Wednesday, March 17, 2010


The Ides of March (Latin: Idus Martiae) is the name of March 15 in the Roman calendar. The term ides was used for the 15th day of the months of March, May, July, and October, and the 13th day of the other months.The Ides of March was a festive day dedicated to the god Mars and a military parade was usually held. In modern times, the term Ides of March is best known as the date that Julius Caesar was killed in 709 AUC or 44 B.C. Julius Caesar was stabbed to death in the Roman Senate led by Marcus Junius Brutus, Gaius Cassius Longinus and 60 other co-conspirators.

According to Plutarch, Caesar was warned by a seer to be on his guard against a great peril on the Ides of March. On his way to the Theatre of Pompey (where he would be assassinated), Caesar saw the seer and joked "Well, the Ides of March have come," to which the seer replied "Ay, they have come, but they are not gone." This meeting is famously dramatized in William Shakespeare's play Julius Caesar, when Caesar is warned to "beware the Ides of March".

It has all come down to this week. I said I would believe that Nancy Pelosi has the votes to pass the Senate health care bill in House when she actually schedules the vote. Well, Pelosi has declared that there will be a vote by the end of this week—but tellingly, she has not actually scheduled it for a specific day and time. What that tells us is that she is not confident she has the votes—but she's going to take the chance anyway and will probably hold the vote without knowing ahead of time what the outcome will be.

The other big piece of evidence here is President Obama's decision to postpone an overseas trip in order to stay in Washington for the vote—which means that the White House also doesn't know how it's going to go and is keeping the president around to bribe and threaten members of the House right up to the very last minute.

Readers may note that I have stopped writing about the content or merits of the bill itself. I've mostly been focusing on the "whip count," i.e., the question of whether Pelosi really has the votes.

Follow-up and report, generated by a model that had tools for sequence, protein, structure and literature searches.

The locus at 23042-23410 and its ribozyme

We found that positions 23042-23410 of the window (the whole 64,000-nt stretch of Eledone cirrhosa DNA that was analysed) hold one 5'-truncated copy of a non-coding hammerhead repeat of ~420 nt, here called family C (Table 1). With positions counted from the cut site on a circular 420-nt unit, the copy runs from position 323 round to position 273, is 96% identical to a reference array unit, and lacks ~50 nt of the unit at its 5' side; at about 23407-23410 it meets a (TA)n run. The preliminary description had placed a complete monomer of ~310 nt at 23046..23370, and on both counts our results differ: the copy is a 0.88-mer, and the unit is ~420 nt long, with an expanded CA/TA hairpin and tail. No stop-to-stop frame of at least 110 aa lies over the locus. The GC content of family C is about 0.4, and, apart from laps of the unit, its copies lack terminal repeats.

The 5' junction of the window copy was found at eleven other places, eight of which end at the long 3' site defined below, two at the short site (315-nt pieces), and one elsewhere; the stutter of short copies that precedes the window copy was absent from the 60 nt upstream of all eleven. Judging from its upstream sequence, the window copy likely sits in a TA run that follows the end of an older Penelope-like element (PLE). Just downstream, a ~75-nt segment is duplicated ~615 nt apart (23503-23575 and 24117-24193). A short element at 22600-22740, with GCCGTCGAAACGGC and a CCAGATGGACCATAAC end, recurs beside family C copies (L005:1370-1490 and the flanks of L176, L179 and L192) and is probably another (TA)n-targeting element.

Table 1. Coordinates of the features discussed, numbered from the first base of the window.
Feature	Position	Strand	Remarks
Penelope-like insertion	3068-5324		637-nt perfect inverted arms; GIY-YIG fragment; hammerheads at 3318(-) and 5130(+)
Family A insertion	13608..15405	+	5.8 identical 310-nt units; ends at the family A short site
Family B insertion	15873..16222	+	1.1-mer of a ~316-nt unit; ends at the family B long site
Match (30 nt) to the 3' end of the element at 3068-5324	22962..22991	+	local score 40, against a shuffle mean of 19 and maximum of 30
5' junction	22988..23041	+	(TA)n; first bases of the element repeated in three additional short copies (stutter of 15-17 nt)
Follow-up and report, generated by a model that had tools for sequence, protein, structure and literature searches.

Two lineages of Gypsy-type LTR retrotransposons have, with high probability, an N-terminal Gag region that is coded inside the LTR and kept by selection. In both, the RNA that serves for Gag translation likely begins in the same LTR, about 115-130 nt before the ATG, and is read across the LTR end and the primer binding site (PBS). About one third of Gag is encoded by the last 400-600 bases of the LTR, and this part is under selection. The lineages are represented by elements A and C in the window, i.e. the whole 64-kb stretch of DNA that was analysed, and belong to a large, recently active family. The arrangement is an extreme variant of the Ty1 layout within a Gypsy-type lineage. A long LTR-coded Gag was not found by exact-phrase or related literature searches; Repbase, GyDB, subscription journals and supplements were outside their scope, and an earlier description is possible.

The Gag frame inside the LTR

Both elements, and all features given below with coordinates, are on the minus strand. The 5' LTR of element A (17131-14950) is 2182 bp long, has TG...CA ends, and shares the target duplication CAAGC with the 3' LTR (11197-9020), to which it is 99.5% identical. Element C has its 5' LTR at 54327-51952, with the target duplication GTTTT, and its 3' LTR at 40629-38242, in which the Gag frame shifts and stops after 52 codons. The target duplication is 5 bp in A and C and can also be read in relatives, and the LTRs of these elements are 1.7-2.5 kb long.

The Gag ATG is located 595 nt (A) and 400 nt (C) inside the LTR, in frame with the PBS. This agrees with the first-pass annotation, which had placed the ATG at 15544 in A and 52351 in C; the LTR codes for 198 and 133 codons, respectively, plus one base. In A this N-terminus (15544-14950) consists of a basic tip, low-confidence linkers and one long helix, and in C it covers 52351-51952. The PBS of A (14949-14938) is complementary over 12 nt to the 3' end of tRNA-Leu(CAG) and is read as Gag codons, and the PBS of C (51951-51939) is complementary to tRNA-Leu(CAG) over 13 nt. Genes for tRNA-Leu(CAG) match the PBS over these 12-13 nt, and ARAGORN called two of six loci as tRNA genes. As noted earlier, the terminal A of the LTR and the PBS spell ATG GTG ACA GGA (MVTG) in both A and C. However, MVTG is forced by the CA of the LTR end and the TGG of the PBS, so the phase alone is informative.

Why? Because Obama is right about one thing. Everything that can be debated about the bill has already been said, and "the time for talking is over." If only he would heed that advice and shut up.

The fact is that we've already done everything that ought to be necessary to stop this bill. We've turned public opinion decisively against it. I saw recent poll results indicating that the public basically hasn't moved on this since last August. They decided back then that they hate the bill, and they still hate it. And boy have we communicated that fact to our congressmen, again and again, culminating in the Massachusetts vote in January.

So it's no longer about convincing anyone. It's just a matter of raw power politics. The far left is committed to this bill with a monomaniacal fury, and they're willing to go down in flames pushing it through, so the only question is: do they have the votes?

The good news is that more Democrats keep breaking against the bill. The Washington Examiner reports that two Virginia Democrats, Glenn Nye and Rick Boucher, have come out as definite "no" votes, and it indicates that even Charlottesville Democrat Tom Perriello may vote against it (though the original report on which this is based is more equivocal).

CNN also reports that five more House Democrats have come out against the bill. Similarly, the Wall Street Journal's John Fund says that "Not one of the Democrats who voted against health care last year has proclaimed support for the Senate bill, while dozens of members who voted for it last year say they are undecided." So the math is running against Pelosi.

But don't get complacent. For one thing, there is an inherent one-sidedness in a lot of the reporting right now. Democrats who plan to vote "no" are loudly declaring their intentions, while those who intend to vote "yes"—including the people who will really decide this vote, the former "no" votes who switch to "yes"—are generally not speaking up, to avoid the phone calls and public pressure that will descend on them if they reveal where they stand.

That in itself speaks volumes about where the momentum is on this issue—yet the bill's chances of passage have been trending up in the InTrade political futures market, where prices now stand in the mid-60s. Anything above 50% can be interpreted as a bet in favor of passage. I don't put too much stock in InTrade, because it tends to be a lagging indicator that responds to information that is already available. Yet this means that the information already available causes more traders to believe it will pass than not.

But like I said, the momentum is running against passage. Most recently, moderate Democratic pollsters Pat Caddell and Doug Schoen have come out with an op-ed puncturing one of the new Democratic talking points: the idea that Democrats will actually benefit in this fall's election by passing the bill. The idea is that even if the bill is currently unpopular with voters, the people will magically discover its virtues once it become law and we "find out what is in it," as Nancy Pelosi has told us.

Caddell and Schoen reply:

CNN found last month that 56 percent of Americans believe that the government has become so powerful it constitutes an immediate threat to the freedom and rights of citizens. When only 21 percent of Americans say that Washington operates with the consent of the governed, as was also reported last month [more on that poll result later—RWT], we face an alarming crisis.